John Buchan? Elizabeth Murray? Graham Greene? Dorothy Parker? Thomas Carter? H. L. Mencken? Sime Silverman? Karl Braun? Gene Byrnes? Anonymous?
Dear Quote Investigator: When you face a series of obstacles and successfully persevere you might employ the following saying. Here are three versions:
It’s a great life if you don’t weaken.
It’s a grand life if you don’t weaken.
It’s a joyful life if you don’t weaken.
Over time the meaning has shifted, and it has become ironic. The Scottish novelist and politician John Buchan often receives credit for this remark. Would you please explore this topic?
Quote Investigator: John Buchan did use the expression in a 1919 novel. Details are given further below. But Buchan was not the originator.
The earliest match located by QI appeared in 1908 within an article published in “The Evening Telegram” of Salt Lake City, Utah. Police picked up a man who was acting like a hobo in Provo, Utah. He revealed to the officers that he was a wealthy individual named Thomas Carter, and he told them to contact his banker in Salt Lake City to verify his identity. In the following passage the word “jungle” is slang for a hobo encampment. Boldface added to excerpts by QI: 1908 November 19, The Salt Lake Evening Telegram, Provo Tramp Turns Out To Be Wealthy Salt Lake Man, Quote Page 7, Column 4, Salt Lake City, Utah. (GenealogyBank)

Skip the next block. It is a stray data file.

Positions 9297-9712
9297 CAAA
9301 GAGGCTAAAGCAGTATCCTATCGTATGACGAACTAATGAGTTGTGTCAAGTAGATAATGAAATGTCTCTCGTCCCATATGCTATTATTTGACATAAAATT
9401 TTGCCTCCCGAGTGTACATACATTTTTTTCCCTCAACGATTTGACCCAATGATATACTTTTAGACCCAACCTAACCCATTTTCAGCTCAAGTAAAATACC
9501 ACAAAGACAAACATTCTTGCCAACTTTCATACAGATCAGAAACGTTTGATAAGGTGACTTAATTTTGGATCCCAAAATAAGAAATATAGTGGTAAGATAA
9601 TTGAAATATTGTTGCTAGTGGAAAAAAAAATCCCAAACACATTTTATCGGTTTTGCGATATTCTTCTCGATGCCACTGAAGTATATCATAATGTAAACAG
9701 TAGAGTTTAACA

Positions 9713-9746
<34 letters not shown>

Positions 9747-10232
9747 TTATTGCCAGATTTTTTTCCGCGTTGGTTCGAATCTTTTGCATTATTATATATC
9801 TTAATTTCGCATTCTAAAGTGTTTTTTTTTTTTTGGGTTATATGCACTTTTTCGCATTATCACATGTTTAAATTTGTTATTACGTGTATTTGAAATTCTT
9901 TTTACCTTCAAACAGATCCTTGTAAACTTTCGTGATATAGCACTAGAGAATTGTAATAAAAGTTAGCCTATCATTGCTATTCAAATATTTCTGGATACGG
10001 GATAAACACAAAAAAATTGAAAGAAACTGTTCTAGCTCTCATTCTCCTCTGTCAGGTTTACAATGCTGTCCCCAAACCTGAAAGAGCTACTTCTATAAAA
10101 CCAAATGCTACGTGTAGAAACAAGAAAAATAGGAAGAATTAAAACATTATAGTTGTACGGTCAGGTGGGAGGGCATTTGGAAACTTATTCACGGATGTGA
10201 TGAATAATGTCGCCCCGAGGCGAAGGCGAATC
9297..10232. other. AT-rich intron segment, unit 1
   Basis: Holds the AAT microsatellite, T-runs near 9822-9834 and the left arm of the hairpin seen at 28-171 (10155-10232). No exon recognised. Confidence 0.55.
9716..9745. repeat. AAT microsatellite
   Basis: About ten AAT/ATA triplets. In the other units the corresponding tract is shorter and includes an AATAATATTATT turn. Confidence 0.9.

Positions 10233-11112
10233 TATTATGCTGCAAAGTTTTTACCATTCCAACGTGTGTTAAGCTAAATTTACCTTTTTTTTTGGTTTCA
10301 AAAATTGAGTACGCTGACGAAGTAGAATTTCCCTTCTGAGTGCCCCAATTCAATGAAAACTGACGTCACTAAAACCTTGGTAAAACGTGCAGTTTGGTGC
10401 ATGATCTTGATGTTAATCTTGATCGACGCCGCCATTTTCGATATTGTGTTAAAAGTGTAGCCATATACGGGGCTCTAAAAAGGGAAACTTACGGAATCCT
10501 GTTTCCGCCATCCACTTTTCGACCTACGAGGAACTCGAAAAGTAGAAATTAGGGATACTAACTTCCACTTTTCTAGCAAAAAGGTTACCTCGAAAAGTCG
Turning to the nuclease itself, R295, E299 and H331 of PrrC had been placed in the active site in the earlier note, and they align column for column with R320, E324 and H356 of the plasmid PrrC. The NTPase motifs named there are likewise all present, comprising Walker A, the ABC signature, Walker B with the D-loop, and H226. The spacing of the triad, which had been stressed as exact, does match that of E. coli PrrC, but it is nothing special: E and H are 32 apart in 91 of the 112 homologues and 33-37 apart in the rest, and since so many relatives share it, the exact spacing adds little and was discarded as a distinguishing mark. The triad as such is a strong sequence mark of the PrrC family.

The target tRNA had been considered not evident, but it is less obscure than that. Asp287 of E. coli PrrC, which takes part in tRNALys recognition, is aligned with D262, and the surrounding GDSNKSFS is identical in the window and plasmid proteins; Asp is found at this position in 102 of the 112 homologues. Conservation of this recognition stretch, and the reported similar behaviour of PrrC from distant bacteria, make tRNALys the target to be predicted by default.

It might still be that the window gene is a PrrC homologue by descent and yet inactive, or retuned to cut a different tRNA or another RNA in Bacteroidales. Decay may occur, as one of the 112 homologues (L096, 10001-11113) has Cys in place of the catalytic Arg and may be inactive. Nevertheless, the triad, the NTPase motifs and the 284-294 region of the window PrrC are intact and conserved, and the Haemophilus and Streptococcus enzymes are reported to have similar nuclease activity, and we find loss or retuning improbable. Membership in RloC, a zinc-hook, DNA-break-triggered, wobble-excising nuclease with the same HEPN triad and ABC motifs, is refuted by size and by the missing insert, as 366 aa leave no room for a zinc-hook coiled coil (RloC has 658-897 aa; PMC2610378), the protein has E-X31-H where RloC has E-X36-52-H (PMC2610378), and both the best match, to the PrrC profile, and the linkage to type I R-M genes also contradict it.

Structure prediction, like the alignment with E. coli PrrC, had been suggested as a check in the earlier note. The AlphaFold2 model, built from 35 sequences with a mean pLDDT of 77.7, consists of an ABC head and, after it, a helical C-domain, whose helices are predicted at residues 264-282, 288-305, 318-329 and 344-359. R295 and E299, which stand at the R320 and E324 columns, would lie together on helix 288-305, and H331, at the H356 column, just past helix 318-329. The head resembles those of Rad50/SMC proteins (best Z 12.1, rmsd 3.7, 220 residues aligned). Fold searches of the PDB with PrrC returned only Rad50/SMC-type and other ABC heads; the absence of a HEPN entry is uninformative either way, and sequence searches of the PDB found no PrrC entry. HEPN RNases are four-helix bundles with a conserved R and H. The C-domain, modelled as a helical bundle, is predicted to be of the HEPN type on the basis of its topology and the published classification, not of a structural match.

“You see,” he said, “this jungle life is a grand one if you don’t weaken. Talk about experience, why when I get back to the folks I will have had enough experience to fill a molasses barrel. When I get home I will sure have a bigger heart for these fellows you officers term tramps.”
A journalist heard this odd tale and asked Carter about his motivation:
“Well, I’ll tell you I am just paying an election bet. I bet that “Uncle Joe” Cannon would not be re-elected to the house and now I must make good as a hobo for sixty days or forfeit $5000. It’s a grand life if you don’t weaken.”
QI tentatively credits Thomas Carter with the saying although there is a substantial probability that the phrase was already in circulation, and future researchers may learn more.
Below are additional selected citations in chronological order.
|↑1||1908 November 19, The Salt Lake Evening Telegram, Provo Tramp Turns Out To Be Wealthy Salt Lake Man, Quote Page 7, Column 4, Salt Lake City, Utah. (GenealogyBank)|